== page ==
Hotter than expected US inflation print leads to more equity market volatility, Lagarde gives clearest signal yet of an impending ECB interest rate increase and latest Daft.ie data shows that supply remains the biggest issue in the Irish housing market. All these stories and more are covered in this week’s insights update from BlackBee.
Hotter than expected April inflation prints set the tone for a nervous week across markets. Although US headline and core inflation readings were lower than in March, they came in ahead of investor expectations at 8.3% and 6.2% respectively which hardens the possibility that the US Federal Reserve will increase interest rates by 0.5% in June and July. With such rate hikes becoming more baked in, sentiment deteriorated further with both equities and government bonds selling off mid-week as investors worried that higher interest rates would drag the US economy down.
Although higher inflation and interest rates will slow US economic growth, we are still optimistic the economy there can achieve a soft landing. Consumer spending will be key to this scenario playing out – in this context we’d note that service sector Purchasing Manager Index (PMI) readings are still pointing to robust US growth. If these readings continue to hold up, then we’re confident the US economy can remain resilient in the face of higher interest rates and inflation.
Meanwhile in the Euro area, ECB President Christine Lagarde gave her clearest signal yet that Euro area interest rates could head higher over the summer months. In a speech last Wednesday, she said she expected bond purchases to end early in the third quarter and interest rates to increase some time after which “could mean a period of only a few weeks”. As we’ve noted previously, we’d question just how far down the rate hike road the ECB can go when the region is likely to suffer the severest economic fallout from the conflict in Ukraine.
Last week was another difficult one for stock market investors with losses in many parts of the world that were only narrowed or reversed thanks to a big rally on Friday. Our chart of the week this week shows that many equity markets are on the edge of bear market status. Looking back at historic bear markets, this year’s losses (although painful!) are relatively modest. Whether equities suffer more from here or begin to recover in our view depends on whether slowing economic momentum turns into recession. At present we’re still in the recovery camp although lower oil prices and a sensible approach to tightening monetary policy would help in this regard. One plus for investors this year (compared to previous bear markets) is that company earnings are still forecast to grow in 2022. This picture differs from previous severe bear markets.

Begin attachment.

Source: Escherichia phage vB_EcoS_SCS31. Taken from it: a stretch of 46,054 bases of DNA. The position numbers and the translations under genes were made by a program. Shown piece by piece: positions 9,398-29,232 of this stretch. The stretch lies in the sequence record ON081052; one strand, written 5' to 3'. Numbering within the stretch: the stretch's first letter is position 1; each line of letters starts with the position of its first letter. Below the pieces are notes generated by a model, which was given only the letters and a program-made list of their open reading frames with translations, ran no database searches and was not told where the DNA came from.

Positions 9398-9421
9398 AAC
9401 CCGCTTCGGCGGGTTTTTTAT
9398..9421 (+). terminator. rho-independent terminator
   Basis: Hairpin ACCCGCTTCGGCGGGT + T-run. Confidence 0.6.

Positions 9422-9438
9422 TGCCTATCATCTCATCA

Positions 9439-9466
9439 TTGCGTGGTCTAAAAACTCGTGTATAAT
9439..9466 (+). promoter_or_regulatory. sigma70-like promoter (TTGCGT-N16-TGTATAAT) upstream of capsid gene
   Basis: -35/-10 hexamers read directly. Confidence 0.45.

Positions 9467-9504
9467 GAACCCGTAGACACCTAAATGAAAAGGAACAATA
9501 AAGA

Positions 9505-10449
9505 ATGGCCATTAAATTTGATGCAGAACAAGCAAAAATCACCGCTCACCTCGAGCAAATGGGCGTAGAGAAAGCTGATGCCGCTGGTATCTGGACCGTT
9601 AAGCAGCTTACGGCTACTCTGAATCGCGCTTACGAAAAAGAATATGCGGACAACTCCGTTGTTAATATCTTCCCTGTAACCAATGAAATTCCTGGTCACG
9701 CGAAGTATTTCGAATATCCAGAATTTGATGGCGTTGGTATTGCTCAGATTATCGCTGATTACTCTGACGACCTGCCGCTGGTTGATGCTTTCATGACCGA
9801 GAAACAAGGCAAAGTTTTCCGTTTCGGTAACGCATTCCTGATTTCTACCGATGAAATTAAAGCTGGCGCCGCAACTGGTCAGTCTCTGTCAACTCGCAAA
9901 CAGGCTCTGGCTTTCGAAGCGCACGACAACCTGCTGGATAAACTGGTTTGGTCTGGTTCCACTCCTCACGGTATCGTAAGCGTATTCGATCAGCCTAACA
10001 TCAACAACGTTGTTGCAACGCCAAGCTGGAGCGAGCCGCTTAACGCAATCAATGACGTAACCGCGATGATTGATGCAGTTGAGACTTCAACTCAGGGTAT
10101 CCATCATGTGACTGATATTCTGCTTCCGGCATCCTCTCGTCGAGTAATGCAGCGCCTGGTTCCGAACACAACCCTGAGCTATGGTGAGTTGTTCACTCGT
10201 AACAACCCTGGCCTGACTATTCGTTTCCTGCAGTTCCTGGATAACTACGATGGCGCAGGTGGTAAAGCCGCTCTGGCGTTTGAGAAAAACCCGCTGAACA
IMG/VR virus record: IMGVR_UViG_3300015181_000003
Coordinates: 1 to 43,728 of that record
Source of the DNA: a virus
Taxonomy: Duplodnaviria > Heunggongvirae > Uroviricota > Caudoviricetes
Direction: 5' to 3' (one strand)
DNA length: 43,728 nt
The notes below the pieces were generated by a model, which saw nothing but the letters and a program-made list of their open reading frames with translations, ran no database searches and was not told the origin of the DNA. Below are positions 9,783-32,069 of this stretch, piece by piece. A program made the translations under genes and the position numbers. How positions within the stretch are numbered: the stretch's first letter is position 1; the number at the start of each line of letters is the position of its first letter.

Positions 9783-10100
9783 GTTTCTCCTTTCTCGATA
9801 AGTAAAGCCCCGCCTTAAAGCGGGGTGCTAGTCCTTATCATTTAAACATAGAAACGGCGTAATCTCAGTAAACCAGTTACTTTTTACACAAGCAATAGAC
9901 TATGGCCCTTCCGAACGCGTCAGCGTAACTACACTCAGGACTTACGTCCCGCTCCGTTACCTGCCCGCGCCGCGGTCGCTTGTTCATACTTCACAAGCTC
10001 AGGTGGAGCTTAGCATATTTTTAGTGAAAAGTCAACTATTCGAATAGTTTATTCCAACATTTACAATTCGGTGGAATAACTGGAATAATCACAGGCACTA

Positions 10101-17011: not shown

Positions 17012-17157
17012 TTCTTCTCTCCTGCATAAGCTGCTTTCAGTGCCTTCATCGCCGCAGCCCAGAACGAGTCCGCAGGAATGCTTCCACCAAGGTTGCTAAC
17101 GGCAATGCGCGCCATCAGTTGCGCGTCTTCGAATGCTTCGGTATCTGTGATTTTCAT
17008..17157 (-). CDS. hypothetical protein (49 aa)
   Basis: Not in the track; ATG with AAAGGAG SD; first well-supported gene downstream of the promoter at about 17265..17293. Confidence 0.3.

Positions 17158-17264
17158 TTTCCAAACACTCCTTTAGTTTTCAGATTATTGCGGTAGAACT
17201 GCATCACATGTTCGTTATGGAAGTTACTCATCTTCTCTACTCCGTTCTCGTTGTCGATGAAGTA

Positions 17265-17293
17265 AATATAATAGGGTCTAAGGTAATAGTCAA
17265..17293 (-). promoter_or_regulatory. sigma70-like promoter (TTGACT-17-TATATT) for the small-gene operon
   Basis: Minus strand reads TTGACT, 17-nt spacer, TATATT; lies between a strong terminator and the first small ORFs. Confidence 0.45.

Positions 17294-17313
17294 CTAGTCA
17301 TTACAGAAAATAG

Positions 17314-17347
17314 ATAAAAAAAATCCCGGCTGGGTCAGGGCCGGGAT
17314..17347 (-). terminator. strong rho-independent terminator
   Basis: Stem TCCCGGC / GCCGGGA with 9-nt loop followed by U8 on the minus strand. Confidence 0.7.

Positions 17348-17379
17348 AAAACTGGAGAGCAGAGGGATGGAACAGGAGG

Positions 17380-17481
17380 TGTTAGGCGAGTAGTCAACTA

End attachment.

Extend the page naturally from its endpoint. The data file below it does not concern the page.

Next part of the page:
Bond market performances varied over the course of last week. Weaker investor sentiment towards equities also hurt credit market performances with high yield and emerging market bonds suffering in particular. It was more of a ‘game of two halves’ for government bonds – sovereigns sold off initially in the week on the back of the hotter that expected inflation readings but recouped their losses as concerns around economic growth reasserted themselves later on.
Commodities softened a little last week with two particular forces pushing down on prices. With greater risk aversion the US dollar strengthened again on foreign exchange markets given its safe haven status – this hit the precious metals in particular with gold and silver moving lower. In energy markets, oil traded lower as investors worried about the impact a weaker economy could have on crude demand.
Tourism & Hospitality – Hostelworld highlights strong recovery across all market segments
Last week Hostelworld, the Dublin based bookings company, reported that revenues in the first 18 weeks of the year had rebounded to 97% and net bookings to 73% of 2019 levels. The level of net bookings across Europe, however, now stands at 100% or more for the summer, up from 80% six weeks ago. Long-haul bookings are now at 70% of pre-pandemic levels with bookings from the US and Canada into Europe having fully recovered. The strength of bookings data is also evident in the more luxurious Dublin hotel market, where last Thursday there were only 42 available rooms across the city centre. Overall, this adds further backing to our view that the hospitality and tourism sector is now in full recovery mode and this is likely to be further helped by the government’s decision this week to retain the 9% VAT rate until February 2023
Housing – Supply still the biggest issue stopping runaway inflation from slowing down
Last week Daft released its quarterly Irish rental report highlighting that the supply of rental accommodation is now at its lowest level since records began in 2006. There were just 851 rental homes listed on Daft as of May 1st this year, down 77% year on year, and is 10 times lower than the 15-year average of 9,200. As a result, market rents were up by 11.7% year on year. The stock of property for sale was also at its lowest level on record in March, another factor driving housing inflation rates. The low levels of stock for sale and rent again really underlines the need to increase supply in the market. Not alone is this a huge social challenge but also one which needs to be overcome if Ireland’s economic competitiveness is not to suffer.